Front End Associate (Former Employee), South Portland, ME – September 10, 2014
Working at Hannaford was a great experience. What I didn't like was at times the job got really slow or really fast to a point where we couldn't keep up. But the people I worked with was worth every penny
Center Store Associate (Current Employee), Hooksett, NH – January 26, 2013
Pros: food in the break room, often made lunch for us
A typical day would be me starting my day at 6 am and receiving the dairy load. I would sort out the load based on where the items belong in the aisle, then stock the dairy items to the shelf. This would take a few hours, and I would also keep track of the eggs and milk to make sure they do not run out. This has taught me time management because I need – more... to be able to put up an entire dairy load in eight hours of less, while maintaing eggs and milk. The management depends on what store I work at, and for the most part they are pretty good at giving a helping hand if needed. At one of the stores that I worked at, my manager was very unorganized and would start to many projects at one time and struggled to finish them. I did not approve of his managing skills because he would often get upset and take it out on their employees. The employees that I worked with are all nice, easy going people. They made the job enjoyable to go to everyday because they gave me someone to talk to and joke around with. The hardest part of the job was to get the entire dairy load up on certain days when the load was larger than normal. The most enjoyable part is working with my co-workers because if it was not for them I would get very bored and it would make the days drag on. – less
Part time Evening supervisor (Current Employee), Waldoboro, ME – January 20, 2013
Pros: they cook meals for us some times
It can be a good place to work. Vary hard to get full time. They have part timers work 40 houses a week. Management comes and go vary quickly. The customers are the best part of the job the seem to really care about all the workers. Most of the co-workers are a blast to work with. The hardest part is the amount of work they give you with little time – more... to do it in. – less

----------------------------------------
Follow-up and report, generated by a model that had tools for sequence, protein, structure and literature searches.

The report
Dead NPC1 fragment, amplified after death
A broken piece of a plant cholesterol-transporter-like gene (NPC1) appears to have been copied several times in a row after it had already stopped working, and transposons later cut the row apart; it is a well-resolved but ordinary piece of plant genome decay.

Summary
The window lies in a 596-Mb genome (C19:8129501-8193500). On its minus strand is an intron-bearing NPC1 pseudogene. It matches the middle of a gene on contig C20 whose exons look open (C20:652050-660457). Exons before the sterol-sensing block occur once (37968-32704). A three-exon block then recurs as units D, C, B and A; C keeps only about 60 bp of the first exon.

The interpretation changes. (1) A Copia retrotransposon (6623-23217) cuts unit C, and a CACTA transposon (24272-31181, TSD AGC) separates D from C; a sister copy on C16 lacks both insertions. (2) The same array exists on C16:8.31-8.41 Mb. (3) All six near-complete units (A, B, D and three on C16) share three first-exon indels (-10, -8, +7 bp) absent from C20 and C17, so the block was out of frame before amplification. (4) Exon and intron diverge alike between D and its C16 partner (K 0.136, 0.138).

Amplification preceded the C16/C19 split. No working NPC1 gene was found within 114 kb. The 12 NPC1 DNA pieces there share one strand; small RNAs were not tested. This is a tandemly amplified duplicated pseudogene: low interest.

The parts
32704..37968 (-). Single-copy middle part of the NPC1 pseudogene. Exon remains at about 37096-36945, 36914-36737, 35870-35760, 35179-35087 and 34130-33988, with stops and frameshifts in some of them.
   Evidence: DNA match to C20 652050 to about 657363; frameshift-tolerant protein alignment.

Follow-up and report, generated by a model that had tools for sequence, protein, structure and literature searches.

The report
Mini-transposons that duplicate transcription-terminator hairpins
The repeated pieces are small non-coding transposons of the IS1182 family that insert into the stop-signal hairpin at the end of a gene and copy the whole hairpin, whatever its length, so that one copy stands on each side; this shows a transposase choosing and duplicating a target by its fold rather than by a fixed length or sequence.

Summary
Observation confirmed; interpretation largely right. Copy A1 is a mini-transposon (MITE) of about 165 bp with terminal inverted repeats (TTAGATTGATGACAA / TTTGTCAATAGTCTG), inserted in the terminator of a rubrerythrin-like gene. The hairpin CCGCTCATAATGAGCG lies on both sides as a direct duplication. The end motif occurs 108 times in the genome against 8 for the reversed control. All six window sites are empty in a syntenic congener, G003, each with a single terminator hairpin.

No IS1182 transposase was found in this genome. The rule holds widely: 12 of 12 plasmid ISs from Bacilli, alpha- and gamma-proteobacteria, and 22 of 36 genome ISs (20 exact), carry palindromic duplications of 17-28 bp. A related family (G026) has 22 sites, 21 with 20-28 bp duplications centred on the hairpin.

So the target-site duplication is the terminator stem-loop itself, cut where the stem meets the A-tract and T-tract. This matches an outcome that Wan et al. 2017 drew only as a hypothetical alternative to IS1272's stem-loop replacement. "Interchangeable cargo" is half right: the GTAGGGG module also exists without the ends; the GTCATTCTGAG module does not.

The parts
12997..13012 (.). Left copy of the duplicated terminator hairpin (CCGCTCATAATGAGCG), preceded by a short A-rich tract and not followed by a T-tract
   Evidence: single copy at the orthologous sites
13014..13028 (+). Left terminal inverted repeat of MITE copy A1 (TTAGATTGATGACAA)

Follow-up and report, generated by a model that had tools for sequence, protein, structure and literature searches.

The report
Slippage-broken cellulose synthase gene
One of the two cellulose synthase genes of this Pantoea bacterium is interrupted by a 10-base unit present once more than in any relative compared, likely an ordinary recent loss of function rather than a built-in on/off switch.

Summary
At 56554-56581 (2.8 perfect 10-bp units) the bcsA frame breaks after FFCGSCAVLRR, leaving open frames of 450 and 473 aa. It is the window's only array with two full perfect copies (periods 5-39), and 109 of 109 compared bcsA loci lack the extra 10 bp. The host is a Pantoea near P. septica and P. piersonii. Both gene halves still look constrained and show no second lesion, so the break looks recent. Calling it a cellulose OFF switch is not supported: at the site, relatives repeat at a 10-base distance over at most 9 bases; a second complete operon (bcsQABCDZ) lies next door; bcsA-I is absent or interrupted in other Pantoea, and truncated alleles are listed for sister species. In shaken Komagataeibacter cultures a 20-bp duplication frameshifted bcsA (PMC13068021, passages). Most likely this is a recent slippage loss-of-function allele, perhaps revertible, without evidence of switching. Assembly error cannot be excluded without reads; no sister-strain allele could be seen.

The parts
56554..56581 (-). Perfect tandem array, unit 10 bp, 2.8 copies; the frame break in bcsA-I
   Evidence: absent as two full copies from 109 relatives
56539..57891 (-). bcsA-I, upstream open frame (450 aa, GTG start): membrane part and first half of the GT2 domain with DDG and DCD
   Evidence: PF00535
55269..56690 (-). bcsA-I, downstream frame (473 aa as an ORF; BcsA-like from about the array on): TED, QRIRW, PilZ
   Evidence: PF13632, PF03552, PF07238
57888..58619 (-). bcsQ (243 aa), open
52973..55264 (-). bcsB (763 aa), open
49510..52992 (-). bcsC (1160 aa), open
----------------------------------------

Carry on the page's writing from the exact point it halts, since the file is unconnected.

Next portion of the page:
Deli Associate (Former Employee), West Sand Lake – January 9, 2013
Pros: job security
Cons: the biggest raise you can expect is the required minimum
While you do have excellent job security, they do let 20% of the people do 80% of the work. Since there are such specific rules about firing once someone is hired, it is hard to get rid of a slacker unless they steal or simply call in too much. This leaves the hard workers to pick up the slck with very little chance of a raise for doing other's work.
Pros: easy commute, pay was good, good amount of vacation time (though, i never understood how the system worked)
Cons: see review (there's so many that they didn't fit into this box)
The work environment is poor and there are times when one can't understand how some of the workers a) were hired and b) have kept their jobs. But these are merely symptoms of the disease. Management is at the heart of this problem.
In terms of corporate-level management, employees are viewed not as resources or assets, but obstacles in the way of profit. – more... The policies handed down seem arbitrary, and woe unto the person that draws any amount of overtime.
At the store level, the managers' primary job seems to be preventing themselves from getting in trouble with the District Managers and Regional VP. They are ruled by fear, and so they in turn rule by fear. The sole motivation of the employees in fear of the write-up. Room to grow with the company has been eliminated. They now take the Gilded Age approach of hiring from the outside, grinding everyone into the ground and then replacing them. Managers are insulting and flippant in their tone. As a result, the workers morale is through the floor.
Before the Belgians took over, it was a good place to work. Now there is literally no reason to work there. The only good things I can say about the place was that the pay/benefits were good and the commute was easy. That's all I can think of.